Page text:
ISBVI Alumni Spotlight: Kathy Nimmer
By: Seth Johnson
Note: In celebration of ISBVI’s 175th anniversary, we’re catching up with alumni to learn more about the school’s impact on their life. Kathy’s is the first of several alumni we plan on spotlighting in the coming months.
As an educator of three decades, Kathy Nimmer admits it was the teachers she had at Indiana School for the Blind and Visually Impaired (ISBVI) that led her down the path she’s on today.
“I took pieces from all of those teachers at the Blind School, and then used them in who I am now,” Nimmer says. “People were not just surface-connected down there. It was a lot of care, compassion, and support that went into the experience at the Blind School.”
A 1987 graduate of ISBVI, Nimmer taught English at Harrison High School in West Lafayette for 29 years before transitioning into her current role as SEEDS program director with the Tippecanoe School Corporation (SEEDS is a mentorship program for new teachers in the district). In addition to being an ISBVI alumni, Nimmer has also served on the IBCF board since 2020.
After starting school in her hometown of West Lafayette, Nimmer eventually transferred to ISBVI in 1980 as her visual impairment continued to worsen due to cone-rod dystrophy. Before attending ISBVI, Nimmer remembers that she and her family were impressed by the student-led tour they received of the school.
“That was impactful because to that point I actually knew nobody who was visually impaired,” Nimmer says. “Having someone with low vision take us around was influential to all of us.”
While attending ISBVI, Nimmer had a few teachers who really made an impact on her. One of those was her piano teacher, Linda Francisco, who helped Nimmer to fully realize her talent as a pianist.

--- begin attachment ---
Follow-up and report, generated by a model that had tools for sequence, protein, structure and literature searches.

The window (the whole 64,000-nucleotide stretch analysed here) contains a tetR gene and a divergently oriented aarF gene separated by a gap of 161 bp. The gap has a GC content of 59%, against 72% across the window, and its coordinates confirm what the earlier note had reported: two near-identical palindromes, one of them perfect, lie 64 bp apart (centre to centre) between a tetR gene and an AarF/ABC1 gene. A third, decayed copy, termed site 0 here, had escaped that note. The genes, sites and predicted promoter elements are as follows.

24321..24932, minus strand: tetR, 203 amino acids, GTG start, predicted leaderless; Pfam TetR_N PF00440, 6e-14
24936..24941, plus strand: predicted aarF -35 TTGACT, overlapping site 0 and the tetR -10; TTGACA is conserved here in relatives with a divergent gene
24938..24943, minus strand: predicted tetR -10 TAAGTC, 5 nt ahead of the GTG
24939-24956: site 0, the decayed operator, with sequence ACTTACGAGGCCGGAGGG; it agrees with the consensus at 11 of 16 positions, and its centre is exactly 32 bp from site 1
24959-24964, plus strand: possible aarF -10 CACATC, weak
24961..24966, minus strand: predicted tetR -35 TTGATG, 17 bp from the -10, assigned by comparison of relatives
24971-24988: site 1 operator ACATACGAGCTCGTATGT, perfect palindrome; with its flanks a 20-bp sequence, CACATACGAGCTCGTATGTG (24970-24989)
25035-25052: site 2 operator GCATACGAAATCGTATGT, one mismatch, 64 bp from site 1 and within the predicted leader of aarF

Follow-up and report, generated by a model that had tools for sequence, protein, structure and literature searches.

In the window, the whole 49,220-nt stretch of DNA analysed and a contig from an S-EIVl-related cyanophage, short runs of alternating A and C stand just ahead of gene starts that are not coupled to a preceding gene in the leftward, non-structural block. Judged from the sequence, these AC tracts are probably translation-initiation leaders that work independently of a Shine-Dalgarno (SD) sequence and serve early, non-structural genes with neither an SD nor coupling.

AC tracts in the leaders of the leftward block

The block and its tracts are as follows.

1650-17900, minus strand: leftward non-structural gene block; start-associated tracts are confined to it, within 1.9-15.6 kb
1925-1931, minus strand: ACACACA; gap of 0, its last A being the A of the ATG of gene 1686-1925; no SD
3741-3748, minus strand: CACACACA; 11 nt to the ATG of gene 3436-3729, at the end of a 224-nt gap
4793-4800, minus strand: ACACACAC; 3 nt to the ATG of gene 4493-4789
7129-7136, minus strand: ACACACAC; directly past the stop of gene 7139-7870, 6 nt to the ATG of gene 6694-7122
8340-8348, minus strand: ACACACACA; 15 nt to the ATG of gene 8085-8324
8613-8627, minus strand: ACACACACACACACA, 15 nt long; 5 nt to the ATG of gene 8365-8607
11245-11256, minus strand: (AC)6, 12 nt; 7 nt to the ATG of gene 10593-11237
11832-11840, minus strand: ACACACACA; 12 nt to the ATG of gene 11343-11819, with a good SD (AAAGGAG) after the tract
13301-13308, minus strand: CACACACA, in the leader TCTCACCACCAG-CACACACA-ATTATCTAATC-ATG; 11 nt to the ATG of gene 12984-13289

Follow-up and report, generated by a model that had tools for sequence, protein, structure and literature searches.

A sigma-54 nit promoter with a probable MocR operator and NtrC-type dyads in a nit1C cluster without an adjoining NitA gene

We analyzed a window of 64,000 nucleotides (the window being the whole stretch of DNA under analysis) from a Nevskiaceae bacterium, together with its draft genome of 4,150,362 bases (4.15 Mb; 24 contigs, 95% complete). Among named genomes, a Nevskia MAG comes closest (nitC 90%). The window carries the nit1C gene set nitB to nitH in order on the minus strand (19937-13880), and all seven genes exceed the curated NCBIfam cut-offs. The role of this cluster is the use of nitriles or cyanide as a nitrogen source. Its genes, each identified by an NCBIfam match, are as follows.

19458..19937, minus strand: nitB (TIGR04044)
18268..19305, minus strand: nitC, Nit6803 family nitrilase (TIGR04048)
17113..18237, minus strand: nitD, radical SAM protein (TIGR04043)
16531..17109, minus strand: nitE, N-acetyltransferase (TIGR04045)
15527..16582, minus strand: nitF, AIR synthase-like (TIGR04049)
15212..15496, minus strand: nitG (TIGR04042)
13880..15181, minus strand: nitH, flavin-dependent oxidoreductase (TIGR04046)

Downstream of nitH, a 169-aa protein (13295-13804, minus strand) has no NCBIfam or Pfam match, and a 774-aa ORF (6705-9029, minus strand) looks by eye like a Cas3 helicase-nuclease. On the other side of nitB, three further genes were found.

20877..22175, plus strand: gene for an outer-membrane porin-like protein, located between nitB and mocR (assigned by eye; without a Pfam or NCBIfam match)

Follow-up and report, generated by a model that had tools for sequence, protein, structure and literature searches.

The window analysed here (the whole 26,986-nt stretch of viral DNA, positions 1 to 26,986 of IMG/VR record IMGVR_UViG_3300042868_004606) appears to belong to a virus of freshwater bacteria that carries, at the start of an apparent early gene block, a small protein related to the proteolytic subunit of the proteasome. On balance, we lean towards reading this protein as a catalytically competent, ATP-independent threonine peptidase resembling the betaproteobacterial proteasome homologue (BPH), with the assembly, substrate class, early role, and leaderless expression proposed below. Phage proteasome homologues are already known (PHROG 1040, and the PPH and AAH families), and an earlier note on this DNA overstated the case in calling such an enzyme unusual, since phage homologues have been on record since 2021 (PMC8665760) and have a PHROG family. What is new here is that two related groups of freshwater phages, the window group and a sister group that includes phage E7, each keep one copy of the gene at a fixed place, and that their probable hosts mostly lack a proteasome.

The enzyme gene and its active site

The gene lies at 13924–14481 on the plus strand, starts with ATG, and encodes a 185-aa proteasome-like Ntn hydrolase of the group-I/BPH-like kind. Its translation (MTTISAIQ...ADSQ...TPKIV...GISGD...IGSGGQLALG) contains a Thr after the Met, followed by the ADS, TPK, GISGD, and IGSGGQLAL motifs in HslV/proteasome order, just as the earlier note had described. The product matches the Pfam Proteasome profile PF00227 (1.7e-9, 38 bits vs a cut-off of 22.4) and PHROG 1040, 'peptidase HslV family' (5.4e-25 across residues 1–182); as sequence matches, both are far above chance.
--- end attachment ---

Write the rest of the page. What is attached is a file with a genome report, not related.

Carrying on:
“She was a game-changer for me. We clicked really early teacher-to-student, and we’re still friends now,” Nimmer says. “I just had a lot of grief that I was dealing with, but piano was that oasis for me. And then, once I discovered I was actually good, it became so fulfilling.”
Another teacher that really made a mark on Nimmer was science instructor Becky Heck.
“We dissected frogs, and we did all kinds of interactive things that they would have absolutely waved me from or had me just be passively involved in at public school,” Nimmer says. “I was highly aware that that was unique and impactful.”
Like many students who travel from across the state to attend ISBVI, Nimmer lived in the on-campus dorms from Monday through Friday and would only visit home on weekends. Through living in the dorms, she learned some important life lessons.
“I just remember that whole structure of learning about humans you’re living with,” Nimmer says. “Some of them you like, and some of them you don’t like. It helped me to be more flexible and open-minded about all different kinds of people. Some of the house parents were fantastic too. I loved some of them to the moon and back.”
Ultimately, Nimmer couldn’t be more thankful for the ways that ISBVI staff influenced her life.
“The Blind School wasn’t the first time I had great teachers, but people like Linda Francisco and Becky Heck demonstrated to me what that personal connection was like,” Nimmer says. “Because the classes are so small by default, there’s a lot of one-on-one time and a lot of relationship building. That mattered, and I wanted to be for them what they were for me.”